From Neot Hakikar to the Arava border crossing, via a land bereft of food, a plant for neutering flies and the home of a two-headed snake.
Zoe, Mairav and I are looking for something to eat. We head down to Neot Hakikar, a small moshav on the southernmost tip of the Dead Sea. Google claims that it is home to a restaurant named “Fata Morgana” (a mirage).
“I hope it doesn’t vanish when we reach it,” Mairav says.
The restaurant is real enough, but only feeds large groups and only with advanced reservation. The other culinary establishment in town, a tiny diner named “Pnina’s,” fails to work our appetite. A sign posted to the window promises corn schnitzels, the Israeli vegetarian’s frozen delight.
Neot Hakikar is no Paris when it comes to food, but, as in the case of Ein Gedi, it is literally a flowering garden in the heart of the desert.
To the south the garden is flanked by stout rocky hills, while to the north and east plantations of date palms stretch to the Jordanian border.
All of this is stunning, but we need food. We head back to the main road and turn to the south. I recall a small roadside rest area near moshav Hatzeva, where busses stop over on their way from Eilat to Jerusalem and Tel-Aviv. Halfway there we pass a peculiar structure standing atop a small mesa overlooking the road. Hungry or not, this calls for a stop.
What is this place? In a land in love with signs and plaques, here is a rare exception. It reminds me of old Indian observatories. Mairav and Zoe mention Gaudi.
Gaudi = Barcelona = La boqueria, Cheese and sausages, tapas from the sea, manchego and jamon, xuixos stuffed with creme Catalan, wine and sangria. On, on to the rest stop!
Disappointingly, it only offers two fast-food franchises, both of them equally dull and uninspiring. One is a “Burger Ranch”, the other – an “Aroma” cafe and sandwich shop. For travelers, even starving travelers, food is a means to a cause. We would like to penetrate the surface of this region and sense its spirit. The north of the vast Arava valley cannot possibly be defined by a Burger Ranch. So we head into the Moshav iteslf, to see what it may offer.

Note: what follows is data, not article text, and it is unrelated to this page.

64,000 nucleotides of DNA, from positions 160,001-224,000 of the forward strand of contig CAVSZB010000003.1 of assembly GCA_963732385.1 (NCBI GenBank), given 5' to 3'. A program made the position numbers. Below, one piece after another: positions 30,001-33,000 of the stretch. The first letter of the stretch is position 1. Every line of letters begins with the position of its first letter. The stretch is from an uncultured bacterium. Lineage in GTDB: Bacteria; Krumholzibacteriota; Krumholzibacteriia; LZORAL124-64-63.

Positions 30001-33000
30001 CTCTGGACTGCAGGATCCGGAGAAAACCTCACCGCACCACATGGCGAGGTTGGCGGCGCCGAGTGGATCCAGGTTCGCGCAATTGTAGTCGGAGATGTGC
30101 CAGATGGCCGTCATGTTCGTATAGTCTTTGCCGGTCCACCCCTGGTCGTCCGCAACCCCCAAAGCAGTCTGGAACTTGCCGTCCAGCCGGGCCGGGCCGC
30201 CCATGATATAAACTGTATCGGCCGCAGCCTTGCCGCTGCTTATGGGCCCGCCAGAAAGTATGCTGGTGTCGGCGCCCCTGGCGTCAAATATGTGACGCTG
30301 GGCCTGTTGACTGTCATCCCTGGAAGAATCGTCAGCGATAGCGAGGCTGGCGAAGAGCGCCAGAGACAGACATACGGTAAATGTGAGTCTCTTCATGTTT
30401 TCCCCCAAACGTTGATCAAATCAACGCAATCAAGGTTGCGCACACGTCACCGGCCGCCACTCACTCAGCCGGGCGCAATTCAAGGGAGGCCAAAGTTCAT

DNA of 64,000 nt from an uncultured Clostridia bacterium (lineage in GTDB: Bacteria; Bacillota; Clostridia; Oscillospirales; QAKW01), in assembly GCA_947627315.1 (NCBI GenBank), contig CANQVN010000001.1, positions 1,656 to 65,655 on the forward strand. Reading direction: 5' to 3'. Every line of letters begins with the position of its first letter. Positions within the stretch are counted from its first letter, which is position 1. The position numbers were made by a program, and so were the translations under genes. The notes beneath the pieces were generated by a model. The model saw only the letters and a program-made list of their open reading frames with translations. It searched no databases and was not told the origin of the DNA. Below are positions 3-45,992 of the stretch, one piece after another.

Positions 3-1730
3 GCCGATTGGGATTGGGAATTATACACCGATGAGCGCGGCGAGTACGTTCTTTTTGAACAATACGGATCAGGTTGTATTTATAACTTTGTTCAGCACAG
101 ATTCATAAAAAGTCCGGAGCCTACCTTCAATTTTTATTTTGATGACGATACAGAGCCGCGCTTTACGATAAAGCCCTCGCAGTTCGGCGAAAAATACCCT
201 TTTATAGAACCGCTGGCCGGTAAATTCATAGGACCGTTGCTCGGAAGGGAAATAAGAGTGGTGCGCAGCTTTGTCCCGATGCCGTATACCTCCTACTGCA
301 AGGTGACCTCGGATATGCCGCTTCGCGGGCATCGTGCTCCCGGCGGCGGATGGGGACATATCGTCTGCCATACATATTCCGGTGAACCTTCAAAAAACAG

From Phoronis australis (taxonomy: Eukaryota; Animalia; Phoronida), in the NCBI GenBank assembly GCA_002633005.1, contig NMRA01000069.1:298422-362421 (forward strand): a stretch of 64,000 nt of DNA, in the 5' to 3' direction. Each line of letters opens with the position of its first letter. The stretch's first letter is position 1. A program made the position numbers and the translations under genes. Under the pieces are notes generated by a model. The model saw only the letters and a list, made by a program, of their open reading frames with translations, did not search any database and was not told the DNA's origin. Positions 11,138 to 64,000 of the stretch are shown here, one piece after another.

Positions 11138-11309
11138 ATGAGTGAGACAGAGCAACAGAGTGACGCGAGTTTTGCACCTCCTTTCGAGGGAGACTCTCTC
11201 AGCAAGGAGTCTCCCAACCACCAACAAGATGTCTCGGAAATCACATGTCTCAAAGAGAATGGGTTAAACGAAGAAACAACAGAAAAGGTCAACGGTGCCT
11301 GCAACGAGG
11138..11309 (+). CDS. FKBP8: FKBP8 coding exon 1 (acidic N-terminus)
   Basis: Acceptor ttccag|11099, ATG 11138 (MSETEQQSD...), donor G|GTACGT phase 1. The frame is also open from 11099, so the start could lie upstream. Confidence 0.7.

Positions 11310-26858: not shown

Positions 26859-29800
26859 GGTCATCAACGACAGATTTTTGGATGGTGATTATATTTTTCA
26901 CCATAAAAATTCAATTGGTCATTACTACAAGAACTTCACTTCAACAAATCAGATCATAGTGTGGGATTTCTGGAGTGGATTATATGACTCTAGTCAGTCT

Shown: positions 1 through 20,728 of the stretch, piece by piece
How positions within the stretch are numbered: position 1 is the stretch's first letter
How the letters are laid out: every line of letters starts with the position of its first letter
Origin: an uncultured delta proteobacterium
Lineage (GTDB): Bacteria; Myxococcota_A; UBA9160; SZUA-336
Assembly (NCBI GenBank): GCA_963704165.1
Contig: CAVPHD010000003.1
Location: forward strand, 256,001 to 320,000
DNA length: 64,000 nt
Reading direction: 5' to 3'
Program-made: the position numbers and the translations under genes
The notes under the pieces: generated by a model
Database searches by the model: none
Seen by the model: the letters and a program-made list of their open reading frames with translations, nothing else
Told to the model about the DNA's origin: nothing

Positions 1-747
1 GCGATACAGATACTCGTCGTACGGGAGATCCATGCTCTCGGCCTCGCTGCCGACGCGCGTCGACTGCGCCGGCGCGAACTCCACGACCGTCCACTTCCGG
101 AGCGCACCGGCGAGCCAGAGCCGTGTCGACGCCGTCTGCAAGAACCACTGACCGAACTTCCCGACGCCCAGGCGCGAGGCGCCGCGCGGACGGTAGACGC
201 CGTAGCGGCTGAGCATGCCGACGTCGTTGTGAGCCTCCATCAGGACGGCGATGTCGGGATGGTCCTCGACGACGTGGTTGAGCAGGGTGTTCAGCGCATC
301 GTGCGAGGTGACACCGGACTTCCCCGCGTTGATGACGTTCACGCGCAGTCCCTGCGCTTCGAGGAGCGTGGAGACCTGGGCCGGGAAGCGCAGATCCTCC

The approach road goes by a small village of vacant tepees made of dried palms. We have reached the land of the head shrinkers. Will we end up succumbing to cannibalism?
That, alas, seems likely, because the small supermarket at Hatzeva is closed. We can’t even buy groceries and picnic on the grass in the company of Thai migrant workers, who rest here at the moment. A sign posted on the door reads: “On Tuesday, 24.4, in the plaza in front of the kindergarten, we will be selling hot Falafel. One full portion: NIS 5, a half a protion: NIS 2. Please come prepared with small bills.
Today is Sunday and the oil won’t be boiling for two days. We drive back out of Hatzeva, among the moshav’s greenhouses. The 200 kilometers separating the Dead Sea and the Red Sea are uninhabited but for a handful of moshavim and kibbutzim. These use the thin brine pumped out of local underground reserves for growing a variety of crops that can live on such water, such as peppers, flowers, and cantaloupe.
That’s enough. We give up and head for the rest stop. Hazeva is impenetrable for the moment. Perhaps on some other visit we shall find out what it really tastes like.
Following the wonderful, exquisite meal, the girls bid me farewell and head north to Ein Gedi. I keep heading south with a worry in my heart. If this introverted stretch of desert does not open up and share something of its reality with me, I will end up traveling a distance double the length of the entire Lebanese border and remain clueless as to its secrets. It’s fine for one flight of fancy stone maze to remain a mystery and a vacant palm village to remain mysterious, but this trip is about understanding.
My fear is somewhat dispersed when I get a lift from a man named Tzur. By the neat, businesslike appearance of his car’s interior I can tell him to be an urbanite, but Tzur is strongly involved in what is happening inside the Arava’s greenhouses. He is, you see, a castrator of flies.
“Organic Magnesium is no longer fashionable as pesticide,” he explains. “We have gone past that. In my company we offer farmers packages of combined pest controls, using insects and less harmful chemicals.”